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Application of Transition Metal Phosphine Complexes in the Modeling of Catalytic Processes: Reactivity with Hydrosilanes and Other Industrially Relevant Substrates

Zuzek, Ashley

The first two chapters of this thesis are devoted to exploring the reactivity of electron rich molybdenum and tungsten trimethylphosphine complexes with hydrosilanes. These complexes, Mo(PMe₃)₆ and W(PMe₃)₄(η²-CH₂PMe₂)H, have been shown to be highly reactive species that undergo a number of bond cleavage reactions. In the presence of the hydrosilanes PhxSiH₄-x (x = 0 - 4), Mo(PMe₃)₆ and W(PMe₃)₄(η²-CH₂PMe₂)H effect Si-H and Si-C bond cleavage, along with Si-Si bond formation; however, the products derived from these reactions are drastically different for Mo(PMe₃)₆ and W(PMe₃)₄(η²-CH₂PMe₂)H and are highly dependent on the substitution of the silane.

Mo(PMe₃)₆ reacts with SiH₄, PhSiH₃, and Ph₂SiH₂ to afford novel silyl, hypervalent silyl, silane, and disilane complexes, as respectively illustrated by Mo(PMe₃)₄H2(SiH3)₂, Mo(PMe₃)₄H(k₂-H₂-H₂SiPh₂H), Mo(PMe₃)₃H₄(s-HSiHPh₂), and Mo(PMe₃)₃H₂(k₂-H₂-H₂Si₂Ph₄). Mo(PMe₃)₄H(k₂-H₂-H2Si2Ph₄) is the first example of a complex with a hypervalent [H₂SiPh₂HH] ligand, and Mo(PMe₃)₃H2(k₂-H₂-H₂Si₂Ph₄) represents the first structurally characterized disilane complex. In addition to being structurally unique, these complexes also possess interesting reactivity. For example, Mo(PMe₃)₄((SiH₃)₂H₂ undergoes isotope exchange with SiD₄, and NMR spectroscopic analysis of the SiHxD₄₋ₓ isotopologues released indicates that the reaction occurs via a sigma bond metathesis pathway.

In contrast, W(PMe₃)₄(η²-CH₂PMe₂)H affords a range of products that includes metallacycle, disilyl, silane, and bridging silylene complexes. The disilyl compounds, W(PMe₃)₄H₃(SiH₂SiHPh₂) and W(PMe₃)₃H₄SiH₂Ph)(SiH₂SiHPh₂), exhibit the ability of W(PMe₃)₄(n₂-CH₂PMe₂)H to cause both redistribution and Si-Si bond formation. A mechanism involving silylene intermediates is proposed for the generation of these complexes, and this mechanism is supported computationally. Additional support for the presence of intermediates comes from the isolation of a unique complex with a bridging silylene ligand, "WSiW". The bridging silylene bonding motif is unprecedented.

The reactivity of the simplest hydrosilane, SiH₄, was also examined with IrCl(CO)(PPh₃)₂ (i.e. Vaska's compound). Previous reports on this reaction have assigned the product as trans-IrH(SiH₃)(Cl)(CO)(PPh₃)₂, in which the hydride and silyl ligands are mutually trans. It is noteworthy, therefore, that we have now obtained a crystal structure of the product of this reaction in which the hydride and silyl ligands are cis, namely cis-IrH(SiH₃)(Cl)(CO)(PPh₃)₂. Calculated energies of the isomeric species also suggest that the product of this reaction was originally misassigned. These results, and the analogous reactions with germane (GeH₄), are described in Chapter 4.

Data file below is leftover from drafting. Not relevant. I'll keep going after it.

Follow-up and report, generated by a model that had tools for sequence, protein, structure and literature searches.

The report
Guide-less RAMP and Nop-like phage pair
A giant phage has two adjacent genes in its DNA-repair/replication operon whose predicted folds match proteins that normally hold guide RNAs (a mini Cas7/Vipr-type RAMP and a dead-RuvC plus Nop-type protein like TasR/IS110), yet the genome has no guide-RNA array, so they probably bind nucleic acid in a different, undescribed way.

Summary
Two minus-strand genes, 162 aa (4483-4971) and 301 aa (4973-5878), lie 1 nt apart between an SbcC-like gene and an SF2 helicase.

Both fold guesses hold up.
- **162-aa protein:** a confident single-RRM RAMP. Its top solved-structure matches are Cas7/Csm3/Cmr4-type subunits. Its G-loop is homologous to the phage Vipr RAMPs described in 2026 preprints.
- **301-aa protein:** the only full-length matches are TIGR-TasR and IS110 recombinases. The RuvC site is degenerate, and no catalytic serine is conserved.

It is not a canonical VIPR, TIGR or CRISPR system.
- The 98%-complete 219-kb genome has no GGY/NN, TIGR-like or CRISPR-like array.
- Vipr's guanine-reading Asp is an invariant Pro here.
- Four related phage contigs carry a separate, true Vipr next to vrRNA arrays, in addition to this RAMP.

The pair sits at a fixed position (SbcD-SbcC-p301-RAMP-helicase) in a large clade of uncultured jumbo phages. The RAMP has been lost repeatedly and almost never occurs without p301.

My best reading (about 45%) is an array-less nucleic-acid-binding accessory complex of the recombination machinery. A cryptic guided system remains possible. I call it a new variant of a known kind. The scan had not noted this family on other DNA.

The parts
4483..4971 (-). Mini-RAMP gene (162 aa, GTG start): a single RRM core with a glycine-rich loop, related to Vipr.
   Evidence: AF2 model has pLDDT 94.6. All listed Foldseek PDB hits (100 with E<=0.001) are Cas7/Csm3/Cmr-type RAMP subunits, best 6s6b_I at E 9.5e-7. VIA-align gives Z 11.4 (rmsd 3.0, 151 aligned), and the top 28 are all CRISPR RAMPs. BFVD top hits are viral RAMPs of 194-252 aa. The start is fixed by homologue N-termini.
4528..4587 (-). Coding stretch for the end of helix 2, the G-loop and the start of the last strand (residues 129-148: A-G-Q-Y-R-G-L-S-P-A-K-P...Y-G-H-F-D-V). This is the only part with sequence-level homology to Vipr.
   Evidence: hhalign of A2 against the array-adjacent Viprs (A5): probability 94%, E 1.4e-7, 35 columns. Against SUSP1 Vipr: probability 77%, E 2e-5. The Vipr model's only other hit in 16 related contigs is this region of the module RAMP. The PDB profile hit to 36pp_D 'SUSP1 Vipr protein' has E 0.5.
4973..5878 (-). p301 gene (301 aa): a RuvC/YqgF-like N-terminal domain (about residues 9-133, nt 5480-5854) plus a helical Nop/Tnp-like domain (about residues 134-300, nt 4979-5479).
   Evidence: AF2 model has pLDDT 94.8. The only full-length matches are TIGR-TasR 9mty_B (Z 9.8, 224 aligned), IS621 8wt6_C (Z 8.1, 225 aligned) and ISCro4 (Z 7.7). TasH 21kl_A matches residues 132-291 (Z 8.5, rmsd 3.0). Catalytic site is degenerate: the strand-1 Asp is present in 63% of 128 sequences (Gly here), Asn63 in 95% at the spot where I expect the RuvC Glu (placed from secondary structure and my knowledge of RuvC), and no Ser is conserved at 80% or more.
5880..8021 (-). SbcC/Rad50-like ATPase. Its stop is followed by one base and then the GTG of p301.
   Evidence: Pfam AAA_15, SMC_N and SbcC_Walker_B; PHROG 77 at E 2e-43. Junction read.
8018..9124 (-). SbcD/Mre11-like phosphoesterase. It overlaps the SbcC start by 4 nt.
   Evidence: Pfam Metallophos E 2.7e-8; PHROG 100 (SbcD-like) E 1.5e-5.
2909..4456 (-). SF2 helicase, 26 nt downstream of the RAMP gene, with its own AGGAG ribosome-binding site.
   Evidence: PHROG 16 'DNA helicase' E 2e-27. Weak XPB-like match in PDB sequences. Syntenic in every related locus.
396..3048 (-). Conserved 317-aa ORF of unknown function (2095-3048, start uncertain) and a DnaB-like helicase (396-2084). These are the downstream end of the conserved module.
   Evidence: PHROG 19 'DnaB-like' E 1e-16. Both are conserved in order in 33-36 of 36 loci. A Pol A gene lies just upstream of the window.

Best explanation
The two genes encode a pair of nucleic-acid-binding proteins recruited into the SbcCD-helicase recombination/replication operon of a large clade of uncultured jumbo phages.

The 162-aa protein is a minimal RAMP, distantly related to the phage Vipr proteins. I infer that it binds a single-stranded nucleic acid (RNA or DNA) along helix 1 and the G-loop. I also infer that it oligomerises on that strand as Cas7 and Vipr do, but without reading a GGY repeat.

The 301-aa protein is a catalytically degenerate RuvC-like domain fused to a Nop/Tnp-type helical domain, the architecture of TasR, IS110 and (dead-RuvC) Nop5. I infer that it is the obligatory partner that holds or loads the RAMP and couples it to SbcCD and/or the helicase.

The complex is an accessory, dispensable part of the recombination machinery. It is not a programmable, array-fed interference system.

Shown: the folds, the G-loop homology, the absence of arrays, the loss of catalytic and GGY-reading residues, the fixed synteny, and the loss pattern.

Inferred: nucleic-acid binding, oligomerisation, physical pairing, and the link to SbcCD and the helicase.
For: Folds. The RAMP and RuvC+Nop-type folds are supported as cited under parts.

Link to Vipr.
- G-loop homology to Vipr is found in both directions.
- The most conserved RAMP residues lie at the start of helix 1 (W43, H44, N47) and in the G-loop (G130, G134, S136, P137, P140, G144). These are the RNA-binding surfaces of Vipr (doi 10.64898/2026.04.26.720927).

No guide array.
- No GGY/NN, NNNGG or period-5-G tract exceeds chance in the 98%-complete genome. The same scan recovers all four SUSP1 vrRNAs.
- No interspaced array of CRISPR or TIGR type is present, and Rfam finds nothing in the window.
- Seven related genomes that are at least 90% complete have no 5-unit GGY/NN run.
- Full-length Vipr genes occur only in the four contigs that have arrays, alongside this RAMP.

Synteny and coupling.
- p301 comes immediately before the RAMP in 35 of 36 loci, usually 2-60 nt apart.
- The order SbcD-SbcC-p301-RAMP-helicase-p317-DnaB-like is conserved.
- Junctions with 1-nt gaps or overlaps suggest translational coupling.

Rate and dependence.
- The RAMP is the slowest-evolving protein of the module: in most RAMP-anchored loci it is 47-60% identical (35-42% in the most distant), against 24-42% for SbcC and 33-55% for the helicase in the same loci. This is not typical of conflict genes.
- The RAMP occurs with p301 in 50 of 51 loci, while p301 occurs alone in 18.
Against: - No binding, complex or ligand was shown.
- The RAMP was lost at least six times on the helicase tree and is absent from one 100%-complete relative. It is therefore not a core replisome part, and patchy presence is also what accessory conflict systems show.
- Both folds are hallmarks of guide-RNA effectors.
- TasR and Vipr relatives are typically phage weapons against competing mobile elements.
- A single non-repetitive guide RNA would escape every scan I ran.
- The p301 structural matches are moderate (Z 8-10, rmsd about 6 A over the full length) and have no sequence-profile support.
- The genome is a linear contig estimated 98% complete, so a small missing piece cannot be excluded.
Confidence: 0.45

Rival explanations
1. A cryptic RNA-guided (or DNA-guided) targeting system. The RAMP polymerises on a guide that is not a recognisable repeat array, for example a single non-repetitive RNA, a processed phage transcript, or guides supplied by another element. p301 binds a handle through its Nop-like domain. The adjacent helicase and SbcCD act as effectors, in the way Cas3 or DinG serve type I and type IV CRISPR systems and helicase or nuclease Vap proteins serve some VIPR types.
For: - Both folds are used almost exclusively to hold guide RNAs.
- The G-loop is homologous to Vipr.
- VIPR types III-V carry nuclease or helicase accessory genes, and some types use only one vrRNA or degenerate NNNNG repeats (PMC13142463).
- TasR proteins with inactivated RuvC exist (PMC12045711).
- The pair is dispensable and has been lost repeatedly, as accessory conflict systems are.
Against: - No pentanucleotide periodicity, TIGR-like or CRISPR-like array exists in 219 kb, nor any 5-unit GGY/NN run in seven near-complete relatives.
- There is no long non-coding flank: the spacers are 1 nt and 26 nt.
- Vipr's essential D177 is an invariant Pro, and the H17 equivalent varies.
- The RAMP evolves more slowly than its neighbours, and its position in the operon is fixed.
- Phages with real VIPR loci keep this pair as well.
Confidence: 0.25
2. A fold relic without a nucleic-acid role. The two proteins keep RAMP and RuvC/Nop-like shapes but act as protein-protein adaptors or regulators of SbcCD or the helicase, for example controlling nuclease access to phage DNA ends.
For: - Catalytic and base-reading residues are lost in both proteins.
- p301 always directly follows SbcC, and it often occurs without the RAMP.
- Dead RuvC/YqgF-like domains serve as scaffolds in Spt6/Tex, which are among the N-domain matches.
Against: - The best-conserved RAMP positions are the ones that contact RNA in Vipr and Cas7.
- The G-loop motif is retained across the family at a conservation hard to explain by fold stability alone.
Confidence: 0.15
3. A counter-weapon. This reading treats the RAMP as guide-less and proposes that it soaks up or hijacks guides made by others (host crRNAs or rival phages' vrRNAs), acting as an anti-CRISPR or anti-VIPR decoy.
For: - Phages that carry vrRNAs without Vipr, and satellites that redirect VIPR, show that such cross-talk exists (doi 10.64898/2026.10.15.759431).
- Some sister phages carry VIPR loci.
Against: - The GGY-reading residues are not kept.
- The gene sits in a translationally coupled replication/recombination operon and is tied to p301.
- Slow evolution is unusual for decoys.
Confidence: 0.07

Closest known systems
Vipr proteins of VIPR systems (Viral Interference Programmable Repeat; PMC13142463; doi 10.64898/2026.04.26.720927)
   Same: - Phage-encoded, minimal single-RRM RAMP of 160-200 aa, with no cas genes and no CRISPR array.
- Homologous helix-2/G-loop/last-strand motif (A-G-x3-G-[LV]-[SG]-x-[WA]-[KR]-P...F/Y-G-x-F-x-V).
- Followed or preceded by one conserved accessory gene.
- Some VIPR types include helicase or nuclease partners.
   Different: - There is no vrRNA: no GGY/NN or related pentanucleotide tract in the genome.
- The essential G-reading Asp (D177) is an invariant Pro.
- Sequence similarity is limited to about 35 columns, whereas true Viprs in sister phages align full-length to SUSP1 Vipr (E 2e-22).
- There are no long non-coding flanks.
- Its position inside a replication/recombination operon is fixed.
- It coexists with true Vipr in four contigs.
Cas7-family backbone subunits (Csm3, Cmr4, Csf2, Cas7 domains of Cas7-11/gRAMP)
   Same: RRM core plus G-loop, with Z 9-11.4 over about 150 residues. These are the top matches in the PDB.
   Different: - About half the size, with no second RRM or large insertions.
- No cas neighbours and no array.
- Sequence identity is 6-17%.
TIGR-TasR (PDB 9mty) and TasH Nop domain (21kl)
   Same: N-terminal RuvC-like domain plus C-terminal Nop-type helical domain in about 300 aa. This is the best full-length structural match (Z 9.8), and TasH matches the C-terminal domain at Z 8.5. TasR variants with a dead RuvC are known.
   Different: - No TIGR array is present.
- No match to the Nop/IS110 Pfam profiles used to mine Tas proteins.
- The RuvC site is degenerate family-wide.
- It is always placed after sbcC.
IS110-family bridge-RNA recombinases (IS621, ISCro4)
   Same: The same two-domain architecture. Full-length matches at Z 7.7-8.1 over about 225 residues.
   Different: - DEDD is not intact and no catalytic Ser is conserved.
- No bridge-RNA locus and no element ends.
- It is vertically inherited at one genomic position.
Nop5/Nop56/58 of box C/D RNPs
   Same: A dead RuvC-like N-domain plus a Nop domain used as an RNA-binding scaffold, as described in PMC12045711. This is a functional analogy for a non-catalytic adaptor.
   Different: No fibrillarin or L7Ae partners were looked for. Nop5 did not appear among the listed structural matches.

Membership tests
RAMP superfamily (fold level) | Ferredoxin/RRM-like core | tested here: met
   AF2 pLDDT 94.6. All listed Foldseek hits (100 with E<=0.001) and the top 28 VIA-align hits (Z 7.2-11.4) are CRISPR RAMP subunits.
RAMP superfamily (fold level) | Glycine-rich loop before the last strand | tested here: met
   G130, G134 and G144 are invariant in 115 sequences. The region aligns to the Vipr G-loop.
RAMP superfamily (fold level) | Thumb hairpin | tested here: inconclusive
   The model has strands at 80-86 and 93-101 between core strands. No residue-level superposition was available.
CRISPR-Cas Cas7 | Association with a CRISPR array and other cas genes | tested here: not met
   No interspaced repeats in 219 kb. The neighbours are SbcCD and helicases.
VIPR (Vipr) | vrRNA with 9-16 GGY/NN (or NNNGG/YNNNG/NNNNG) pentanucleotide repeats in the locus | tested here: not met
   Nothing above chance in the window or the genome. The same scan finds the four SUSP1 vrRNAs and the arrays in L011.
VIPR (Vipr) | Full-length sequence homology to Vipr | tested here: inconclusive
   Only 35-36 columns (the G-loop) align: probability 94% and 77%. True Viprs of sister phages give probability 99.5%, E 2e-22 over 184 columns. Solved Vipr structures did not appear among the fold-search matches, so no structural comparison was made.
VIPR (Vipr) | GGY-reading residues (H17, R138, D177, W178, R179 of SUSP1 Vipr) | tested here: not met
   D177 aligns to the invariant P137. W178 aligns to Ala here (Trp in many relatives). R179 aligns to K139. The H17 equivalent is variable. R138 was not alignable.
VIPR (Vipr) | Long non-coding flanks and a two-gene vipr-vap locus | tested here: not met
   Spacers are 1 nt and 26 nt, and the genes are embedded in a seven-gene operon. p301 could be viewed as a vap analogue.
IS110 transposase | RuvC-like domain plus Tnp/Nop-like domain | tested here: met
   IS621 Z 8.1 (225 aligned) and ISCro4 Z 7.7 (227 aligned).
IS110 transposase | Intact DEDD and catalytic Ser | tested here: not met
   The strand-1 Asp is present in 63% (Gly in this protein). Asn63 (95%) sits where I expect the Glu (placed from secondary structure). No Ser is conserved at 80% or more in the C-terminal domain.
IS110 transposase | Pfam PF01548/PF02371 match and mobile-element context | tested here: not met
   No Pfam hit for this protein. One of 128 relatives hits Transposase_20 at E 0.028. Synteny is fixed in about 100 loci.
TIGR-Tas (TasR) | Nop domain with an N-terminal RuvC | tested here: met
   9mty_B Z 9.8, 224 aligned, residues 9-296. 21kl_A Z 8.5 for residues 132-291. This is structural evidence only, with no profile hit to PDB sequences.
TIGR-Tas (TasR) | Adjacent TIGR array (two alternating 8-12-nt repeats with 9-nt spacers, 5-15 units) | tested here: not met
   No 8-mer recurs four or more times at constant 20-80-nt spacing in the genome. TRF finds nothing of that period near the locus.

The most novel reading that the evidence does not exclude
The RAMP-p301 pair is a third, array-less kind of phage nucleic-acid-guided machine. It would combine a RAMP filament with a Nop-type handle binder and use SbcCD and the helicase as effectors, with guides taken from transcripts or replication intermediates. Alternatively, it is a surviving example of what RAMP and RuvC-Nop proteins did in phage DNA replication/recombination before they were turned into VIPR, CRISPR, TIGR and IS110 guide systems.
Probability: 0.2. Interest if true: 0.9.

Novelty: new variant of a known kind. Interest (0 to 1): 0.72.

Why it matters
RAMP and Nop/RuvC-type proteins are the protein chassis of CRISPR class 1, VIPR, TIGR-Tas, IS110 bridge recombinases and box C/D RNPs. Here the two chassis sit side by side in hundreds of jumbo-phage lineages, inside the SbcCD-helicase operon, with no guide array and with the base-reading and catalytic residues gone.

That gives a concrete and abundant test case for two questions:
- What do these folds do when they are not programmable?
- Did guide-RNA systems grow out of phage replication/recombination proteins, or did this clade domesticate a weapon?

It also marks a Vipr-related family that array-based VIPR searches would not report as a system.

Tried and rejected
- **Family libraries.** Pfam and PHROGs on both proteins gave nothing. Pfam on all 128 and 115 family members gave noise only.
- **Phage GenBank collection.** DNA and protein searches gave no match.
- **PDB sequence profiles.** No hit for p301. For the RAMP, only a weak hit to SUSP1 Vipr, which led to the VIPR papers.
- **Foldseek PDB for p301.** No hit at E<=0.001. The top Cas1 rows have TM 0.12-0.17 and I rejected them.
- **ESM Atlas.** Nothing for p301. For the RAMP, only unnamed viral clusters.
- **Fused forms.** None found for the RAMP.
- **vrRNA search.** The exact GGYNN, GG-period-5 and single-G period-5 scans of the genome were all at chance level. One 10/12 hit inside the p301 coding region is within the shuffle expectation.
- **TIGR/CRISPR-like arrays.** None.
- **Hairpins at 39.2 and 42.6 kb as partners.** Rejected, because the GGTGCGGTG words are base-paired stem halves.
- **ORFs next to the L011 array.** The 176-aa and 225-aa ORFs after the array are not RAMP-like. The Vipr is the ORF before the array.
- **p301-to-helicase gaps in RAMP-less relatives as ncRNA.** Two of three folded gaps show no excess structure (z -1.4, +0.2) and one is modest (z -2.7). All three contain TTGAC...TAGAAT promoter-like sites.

Chapter 4 also discusses some reactions of transition metal phosphine complexes, including Ru(PMe₃)₄H₂, Mo(PMe₃)₆, W(PMe₃)₄(η²-CH₂PMe₂)H, and Mo(PMe₃)₄(η²-CH₂PMe₂)H, with industrially relevant substrates. Ru(PMe₃)₄H₂ effects the water gas shift reaction of CO and H2O to form CO2 and H2. Furthermore, Ru(PMe₃)₄H₂ reacts with CO₂, CS₂, and H₂S to respectively form formate, thiocarbonate, and hydrosulfido complexes. The reactivity of Mo(PMe₃)₆ and W(PMe₃)₄(η²-CH₂PMe₂)H towards molecules relevant to the hydrodeoxygenation industry, including dihydrofuran and benzofuran, was studied. The products of these reactions exhibit hydrogenation of unsaturated bonds and C-O bond cleavage, both of which are essential to the hydrodeoxygenation process. Mo(PMe₃)₄(η²-CH₂PMe₂)H reacts with PhI to form an alkylidyne species, [Mo(PMe₃)₄(CPMe₂Ph)I]I, which was structurally characterized by X-ray diffraction. W(PMe₃)₄(η²-CH₂PMe₂)H forms a k2-adduct when treated with 2-seleno-2-methylbenzimidazole, namely W(PMe₃)₄(sebenzimᴹᵉ)H.

Chapter 3 discusses the development of two new ruthenaboratrane complexes, [k⁴-B(mimᴮᵘᵗ)₃]Ru(CO)(PR₃) (R = Ph, Me). The structures of these complexes are described, and their d⁶ metal configuration is supported by both Fenske-Hall and Natural Bond Orbital calculations. Some reactivity of these complexes was also explored. For example, [k⁴-B(mimᴮᵘᵗ)₃]Ru(CO)(PMe₃) appears to add MeI across the Ru-B bond.

Finally, as an extension of the work that we have done on tungsten trimethylphosphine complexes, the structure of W(PMe₃)₃H₆ in solution was investigated, and the results are presented in Chapter 5. T₁ measurements of the hydride ligands and deuterium isotope effect shifts both confirm that this complex exists as a classical hydride in solution, which is in accord with the classical hydride formulation in the solid state that was previously determined by X-ray diffraction.

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More About This Work

Academic Units
Chemistry
Thesis Advisors
Parkin, Gerard
Degree
Ph.D., Columbia University
Published Here
August 12, 2014